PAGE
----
Here is a shortcut for keeping track of business mileage.
Often taxpayers who use their car for business make multiple trips to the same locations on a regular basis — in my case to Staples for supplies, to my private mail box provider, to the bank and to various year-round clients.
Many years ago when I worked for one of the “big eight” international accounting firms, we had to record the mileage to and from our clients' offices on our time report. The firm would reimburse us for business miles, and would in turn bill the client for the mileage. Rather than have to count the miles for each individual trip, the firm provided employees with a chart that listed the round-trip miles from our office to each of the firm’s clients. If Client A indicated 20 miles, each time I would go to Client A I would record 20 miles on my report.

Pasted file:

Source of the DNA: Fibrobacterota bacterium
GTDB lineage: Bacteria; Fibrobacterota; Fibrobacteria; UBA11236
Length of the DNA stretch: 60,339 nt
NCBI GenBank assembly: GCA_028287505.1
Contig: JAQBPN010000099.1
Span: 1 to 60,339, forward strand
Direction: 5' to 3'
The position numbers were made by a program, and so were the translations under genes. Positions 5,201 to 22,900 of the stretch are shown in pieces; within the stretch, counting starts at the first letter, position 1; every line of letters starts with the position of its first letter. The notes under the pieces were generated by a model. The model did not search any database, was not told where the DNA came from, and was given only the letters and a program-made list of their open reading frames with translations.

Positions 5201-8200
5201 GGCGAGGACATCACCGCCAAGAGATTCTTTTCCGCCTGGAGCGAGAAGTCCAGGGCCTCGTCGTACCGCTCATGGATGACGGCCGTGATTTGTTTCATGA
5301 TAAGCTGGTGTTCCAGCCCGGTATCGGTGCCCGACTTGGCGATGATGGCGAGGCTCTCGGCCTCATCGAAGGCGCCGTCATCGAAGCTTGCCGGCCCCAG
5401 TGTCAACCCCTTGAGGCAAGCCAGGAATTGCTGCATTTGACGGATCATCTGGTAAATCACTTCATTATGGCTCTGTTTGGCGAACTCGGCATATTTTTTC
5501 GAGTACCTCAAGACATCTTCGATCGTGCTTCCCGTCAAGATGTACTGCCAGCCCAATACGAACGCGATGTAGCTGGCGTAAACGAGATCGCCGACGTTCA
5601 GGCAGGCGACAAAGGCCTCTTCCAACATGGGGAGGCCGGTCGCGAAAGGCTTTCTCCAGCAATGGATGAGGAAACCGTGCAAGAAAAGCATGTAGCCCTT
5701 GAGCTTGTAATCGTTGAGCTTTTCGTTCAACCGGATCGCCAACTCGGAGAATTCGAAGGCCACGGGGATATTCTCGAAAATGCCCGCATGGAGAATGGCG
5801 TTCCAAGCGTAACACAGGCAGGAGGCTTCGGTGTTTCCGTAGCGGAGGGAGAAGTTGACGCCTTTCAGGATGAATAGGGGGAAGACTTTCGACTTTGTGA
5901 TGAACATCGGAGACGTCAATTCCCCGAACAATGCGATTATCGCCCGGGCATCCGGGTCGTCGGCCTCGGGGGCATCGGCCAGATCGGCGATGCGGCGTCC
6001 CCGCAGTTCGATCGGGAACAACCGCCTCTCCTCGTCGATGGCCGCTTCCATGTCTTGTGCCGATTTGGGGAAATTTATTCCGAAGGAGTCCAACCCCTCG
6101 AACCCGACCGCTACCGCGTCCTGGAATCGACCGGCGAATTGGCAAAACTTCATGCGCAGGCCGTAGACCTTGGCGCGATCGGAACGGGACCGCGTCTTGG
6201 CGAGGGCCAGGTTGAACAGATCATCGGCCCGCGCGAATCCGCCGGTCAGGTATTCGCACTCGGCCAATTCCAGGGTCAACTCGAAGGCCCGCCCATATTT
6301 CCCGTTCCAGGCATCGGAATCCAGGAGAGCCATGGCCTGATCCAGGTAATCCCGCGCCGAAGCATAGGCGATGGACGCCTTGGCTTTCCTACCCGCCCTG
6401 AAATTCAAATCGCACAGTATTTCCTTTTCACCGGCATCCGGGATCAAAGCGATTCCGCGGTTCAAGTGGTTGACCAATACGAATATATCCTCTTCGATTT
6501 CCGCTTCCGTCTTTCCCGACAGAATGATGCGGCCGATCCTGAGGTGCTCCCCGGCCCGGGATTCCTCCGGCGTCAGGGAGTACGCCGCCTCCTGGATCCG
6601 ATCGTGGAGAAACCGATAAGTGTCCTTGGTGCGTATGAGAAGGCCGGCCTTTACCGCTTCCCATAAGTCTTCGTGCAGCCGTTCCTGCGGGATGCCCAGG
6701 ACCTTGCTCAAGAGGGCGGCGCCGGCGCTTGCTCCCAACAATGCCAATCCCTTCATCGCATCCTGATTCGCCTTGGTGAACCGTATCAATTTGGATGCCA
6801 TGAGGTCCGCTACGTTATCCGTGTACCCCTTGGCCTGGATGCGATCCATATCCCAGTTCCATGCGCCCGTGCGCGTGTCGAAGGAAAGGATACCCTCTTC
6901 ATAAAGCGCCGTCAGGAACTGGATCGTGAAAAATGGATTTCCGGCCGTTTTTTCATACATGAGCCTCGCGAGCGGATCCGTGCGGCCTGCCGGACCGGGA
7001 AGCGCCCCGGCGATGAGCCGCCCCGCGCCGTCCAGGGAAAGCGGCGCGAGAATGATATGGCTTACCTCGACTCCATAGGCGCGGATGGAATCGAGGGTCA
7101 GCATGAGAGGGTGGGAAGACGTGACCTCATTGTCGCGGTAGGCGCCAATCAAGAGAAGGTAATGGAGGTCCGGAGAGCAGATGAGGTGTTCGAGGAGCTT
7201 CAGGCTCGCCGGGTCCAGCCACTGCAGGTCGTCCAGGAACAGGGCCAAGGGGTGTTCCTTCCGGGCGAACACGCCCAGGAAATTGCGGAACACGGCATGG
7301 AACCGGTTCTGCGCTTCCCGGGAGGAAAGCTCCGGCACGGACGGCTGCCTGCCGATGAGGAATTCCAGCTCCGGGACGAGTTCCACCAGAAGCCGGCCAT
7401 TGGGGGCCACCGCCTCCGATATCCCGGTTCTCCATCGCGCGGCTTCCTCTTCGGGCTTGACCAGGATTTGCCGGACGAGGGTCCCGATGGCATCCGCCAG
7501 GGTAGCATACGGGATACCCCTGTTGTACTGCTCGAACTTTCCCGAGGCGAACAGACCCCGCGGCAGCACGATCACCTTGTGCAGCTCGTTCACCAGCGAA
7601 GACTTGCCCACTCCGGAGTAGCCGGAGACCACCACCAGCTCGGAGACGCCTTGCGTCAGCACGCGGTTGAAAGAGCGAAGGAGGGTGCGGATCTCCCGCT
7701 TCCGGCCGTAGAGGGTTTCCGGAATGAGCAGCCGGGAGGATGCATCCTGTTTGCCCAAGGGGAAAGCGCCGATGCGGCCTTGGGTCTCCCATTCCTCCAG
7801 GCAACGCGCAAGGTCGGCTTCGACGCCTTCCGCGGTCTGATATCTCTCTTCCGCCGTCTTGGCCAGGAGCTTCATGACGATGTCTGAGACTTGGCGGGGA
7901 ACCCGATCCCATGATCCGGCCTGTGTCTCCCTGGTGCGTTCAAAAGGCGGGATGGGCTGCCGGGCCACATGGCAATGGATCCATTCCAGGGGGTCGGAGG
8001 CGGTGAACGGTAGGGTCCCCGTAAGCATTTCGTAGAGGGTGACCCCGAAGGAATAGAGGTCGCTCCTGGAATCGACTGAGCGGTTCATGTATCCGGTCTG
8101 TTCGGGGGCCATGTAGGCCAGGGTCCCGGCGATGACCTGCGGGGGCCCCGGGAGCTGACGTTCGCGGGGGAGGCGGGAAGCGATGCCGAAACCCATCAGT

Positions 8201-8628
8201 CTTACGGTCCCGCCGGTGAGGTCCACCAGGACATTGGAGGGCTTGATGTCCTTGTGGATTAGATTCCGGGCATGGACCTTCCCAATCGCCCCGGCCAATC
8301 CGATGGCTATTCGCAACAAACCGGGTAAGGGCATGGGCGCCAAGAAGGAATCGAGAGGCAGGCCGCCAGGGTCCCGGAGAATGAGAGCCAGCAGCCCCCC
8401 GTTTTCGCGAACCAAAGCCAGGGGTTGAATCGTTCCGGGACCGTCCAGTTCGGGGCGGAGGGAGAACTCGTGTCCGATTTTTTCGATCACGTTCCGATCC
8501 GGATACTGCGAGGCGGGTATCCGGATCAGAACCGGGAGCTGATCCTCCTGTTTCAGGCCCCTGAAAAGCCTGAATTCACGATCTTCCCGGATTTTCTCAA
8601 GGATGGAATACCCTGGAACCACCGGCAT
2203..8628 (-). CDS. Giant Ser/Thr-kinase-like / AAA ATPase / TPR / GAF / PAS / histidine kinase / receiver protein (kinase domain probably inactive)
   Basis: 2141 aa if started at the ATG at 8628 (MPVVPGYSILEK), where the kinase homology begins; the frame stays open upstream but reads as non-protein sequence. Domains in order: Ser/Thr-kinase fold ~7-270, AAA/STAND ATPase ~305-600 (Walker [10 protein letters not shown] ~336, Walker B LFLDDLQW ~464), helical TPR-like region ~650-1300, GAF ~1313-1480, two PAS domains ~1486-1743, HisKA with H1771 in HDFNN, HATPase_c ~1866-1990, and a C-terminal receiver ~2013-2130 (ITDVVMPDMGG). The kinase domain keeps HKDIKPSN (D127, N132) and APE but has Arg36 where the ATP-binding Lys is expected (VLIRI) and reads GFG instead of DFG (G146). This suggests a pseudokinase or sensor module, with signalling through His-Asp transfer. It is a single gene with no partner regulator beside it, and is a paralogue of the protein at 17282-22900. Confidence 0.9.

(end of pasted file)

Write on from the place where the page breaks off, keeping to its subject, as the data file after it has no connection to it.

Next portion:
The round-trip mileage was clocked on the first trip from the office to the client, and that figure was used as the standard for every trip from then on. If a client moved the standard would be changed.Taxpayers who make regular business trips to the same location should do as my firm did — count the miles from your office to the business location and back on your first trip and then record the same miles in your travel log for each subsequent round-trip drive. It will make your life easier and your mileage accounting more efficient.
New Jersey tax pro Robert D. Flach has been preparing 1040s for individuals since 1972.